Parabolic Passes

posted Oct 8, 2013, 8:45 AM by Paul Wagner
Some passes are transparent.
 
And that's M, walking down through the talus. ©http://backpackthesierra.com
From the start you can see the top, and you have a very good idea of how far you have to go.  The trail may be steep, but at least you can see how steep it is.  Often the trail goes up on a steady climb, or even up a steep face, with blue sky showing you where it all ends.  And that ending takes you right out on top, with a sudden revelation on the other side. WYSIWYG. 
 
That's M hiking down from Virginia Lakes Pass at right.  You can see here with her bright blue backpack.  You can also see the top of the ridge, and that's where the trail tops out.  No surprises.  Transparent.
 
But there are other passes in the Sierra.  Passes that never really show you where you are or where you are going.  Each step takes you closer to the top, but you can't tell where the top will be.  Because the form of the ridge is a parabola, you can see blue sky ahead, but that doesn't mean that the climbing will stop soon. 
Things are looking up---but we are not at the top yet.
 
It seems that no matter how far you hike, the trail just keeps going up.  The parabola very gradually eases the steepness of the climb, but just when you think you have finished the steep part, the trail stops switchbacking and turns to head straight up the side of the pass--and it is as steep as any switchback.
 
And you still don't get to the top. P remembers Avalanche Pass in Kings Canyon National Park from a hike he took there more than forty years ago.  The trail starts at Road's End, and it climbs about 6,000 feet.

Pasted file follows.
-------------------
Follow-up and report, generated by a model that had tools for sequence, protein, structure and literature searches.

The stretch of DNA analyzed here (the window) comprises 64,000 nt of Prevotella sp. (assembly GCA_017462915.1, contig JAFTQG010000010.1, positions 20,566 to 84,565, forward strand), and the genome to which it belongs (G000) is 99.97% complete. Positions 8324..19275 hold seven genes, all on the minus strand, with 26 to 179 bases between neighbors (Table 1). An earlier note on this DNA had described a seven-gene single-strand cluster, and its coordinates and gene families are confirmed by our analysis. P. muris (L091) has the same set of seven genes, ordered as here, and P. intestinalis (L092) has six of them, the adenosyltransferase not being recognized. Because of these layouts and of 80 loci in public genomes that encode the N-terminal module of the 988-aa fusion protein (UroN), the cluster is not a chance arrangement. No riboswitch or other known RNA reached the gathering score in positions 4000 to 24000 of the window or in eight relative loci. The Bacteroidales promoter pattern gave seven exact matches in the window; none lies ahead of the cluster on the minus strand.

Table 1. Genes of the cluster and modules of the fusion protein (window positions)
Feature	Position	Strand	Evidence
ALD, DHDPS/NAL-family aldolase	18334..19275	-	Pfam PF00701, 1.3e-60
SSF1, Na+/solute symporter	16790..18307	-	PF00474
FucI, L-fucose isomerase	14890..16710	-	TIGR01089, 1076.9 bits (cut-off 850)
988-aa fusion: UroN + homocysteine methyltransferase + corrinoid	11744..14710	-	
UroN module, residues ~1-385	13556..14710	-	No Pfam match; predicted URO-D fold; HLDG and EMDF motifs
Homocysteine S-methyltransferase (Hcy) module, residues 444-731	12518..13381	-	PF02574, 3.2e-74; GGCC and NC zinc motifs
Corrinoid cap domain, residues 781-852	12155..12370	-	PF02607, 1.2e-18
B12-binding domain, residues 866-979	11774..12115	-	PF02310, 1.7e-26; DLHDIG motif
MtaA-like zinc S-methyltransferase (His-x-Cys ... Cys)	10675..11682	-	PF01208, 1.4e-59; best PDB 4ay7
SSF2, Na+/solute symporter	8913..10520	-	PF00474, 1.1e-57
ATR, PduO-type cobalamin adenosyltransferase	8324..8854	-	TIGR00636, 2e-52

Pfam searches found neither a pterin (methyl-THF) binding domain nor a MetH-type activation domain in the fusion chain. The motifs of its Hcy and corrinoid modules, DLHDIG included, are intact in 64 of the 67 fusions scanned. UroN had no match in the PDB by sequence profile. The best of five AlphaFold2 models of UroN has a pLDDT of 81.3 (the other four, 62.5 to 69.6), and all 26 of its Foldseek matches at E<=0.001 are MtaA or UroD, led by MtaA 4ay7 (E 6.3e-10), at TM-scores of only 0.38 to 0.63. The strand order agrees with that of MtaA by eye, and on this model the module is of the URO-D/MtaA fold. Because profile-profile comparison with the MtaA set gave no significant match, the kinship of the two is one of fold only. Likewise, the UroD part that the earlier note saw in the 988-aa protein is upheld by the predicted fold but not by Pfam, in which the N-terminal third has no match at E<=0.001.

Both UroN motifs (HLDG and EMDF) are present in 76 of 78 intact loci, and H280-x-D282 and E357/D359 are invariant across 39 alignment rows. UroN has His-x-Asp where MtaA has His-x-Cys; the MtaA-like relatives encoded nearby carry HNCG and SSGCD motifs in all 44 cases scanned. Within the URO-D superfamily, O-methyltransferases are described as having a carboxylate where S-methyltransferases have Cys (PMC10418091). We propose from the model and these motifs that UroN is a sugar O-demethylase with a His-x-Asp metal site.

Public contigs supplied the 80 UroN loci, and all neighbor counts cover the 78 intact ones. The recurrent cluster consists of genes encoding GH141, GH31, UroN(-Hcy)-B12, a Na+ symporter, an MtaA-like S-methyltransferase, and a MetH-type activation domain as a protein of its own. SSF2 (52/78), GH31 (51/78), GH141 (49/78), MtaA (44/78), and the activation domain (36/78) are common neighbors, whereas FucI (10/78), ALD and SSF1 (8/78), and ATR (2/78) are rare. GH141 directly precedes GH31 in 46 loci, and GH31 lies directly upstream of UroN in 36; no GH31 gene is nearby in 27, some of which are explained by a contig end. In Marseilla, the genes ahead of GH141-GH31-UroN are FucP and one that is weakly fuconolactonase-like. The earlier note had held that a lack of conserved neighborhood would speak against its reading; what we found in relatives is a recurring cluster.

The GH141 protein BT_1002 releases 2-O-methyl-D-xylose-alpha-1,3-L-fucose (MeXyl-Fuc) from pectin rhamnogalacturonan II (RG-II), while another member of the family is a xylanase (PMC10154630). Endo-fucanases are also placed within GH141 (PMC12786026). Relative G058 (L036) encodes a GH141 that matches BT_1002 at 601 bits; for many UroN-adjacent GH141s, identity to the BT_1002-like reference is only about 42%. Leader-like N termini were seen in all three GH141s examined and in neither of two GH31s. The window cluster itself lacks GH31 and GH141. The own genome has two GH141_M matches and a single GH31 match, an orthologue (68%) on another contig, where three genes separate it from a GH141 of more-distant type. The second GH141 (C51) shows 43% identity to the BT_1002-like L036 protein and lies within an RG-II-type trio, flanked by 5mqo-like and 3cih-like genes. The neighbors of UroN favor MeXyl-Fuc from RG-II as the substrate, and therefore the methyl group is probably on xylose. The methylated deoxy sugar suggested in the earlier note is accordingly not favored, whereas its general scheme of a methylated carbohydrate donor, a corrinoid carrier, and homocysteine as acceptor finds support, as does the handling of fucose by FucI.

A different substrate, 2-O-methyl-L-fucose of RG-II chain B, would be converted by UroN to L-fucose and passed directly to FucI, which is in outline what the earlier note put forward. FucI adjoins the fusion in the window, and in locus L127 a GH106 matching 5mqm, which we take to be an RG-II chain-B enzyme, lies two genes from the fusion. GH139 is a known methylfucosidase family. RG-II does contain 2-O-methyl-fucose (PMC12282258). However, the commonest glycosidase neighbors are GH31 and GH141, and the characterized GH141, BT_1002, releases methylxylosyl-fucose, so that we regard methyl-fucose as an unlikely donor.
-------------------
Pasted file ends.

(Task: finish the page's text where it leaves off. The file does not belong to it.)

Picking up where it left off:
Over the last mile or so, the top of the pass seems almost within reach.  And yet with every hundred feet of elevation gain, more of the pass is revealed...and it keeps going up. 
 
And at 10,000 feet, that's no joke. 
 
The photo above is of Ten Lakes Basin Pass.  It doesn't quite get to 10,000 feet, more like 9650 or so.  And it certainly doesn't start below 5,000 feet the way the Avalanche Pass trail does.  This one is out of the Yosemite Creek trailhead, and it starts at about 7500 feet--although the first few miles are quite gradual.  So the final climb to the pass is less than 1,000 feet total.
 
But still, it is a parabolic pass.  It teases you with the idea that you must be getting close to the top...and then it shows you that you have more climbing to do.   It reminded P just a little bit of Avalanche Pass, forty years ago.
 
Like we said, he remembers it well.
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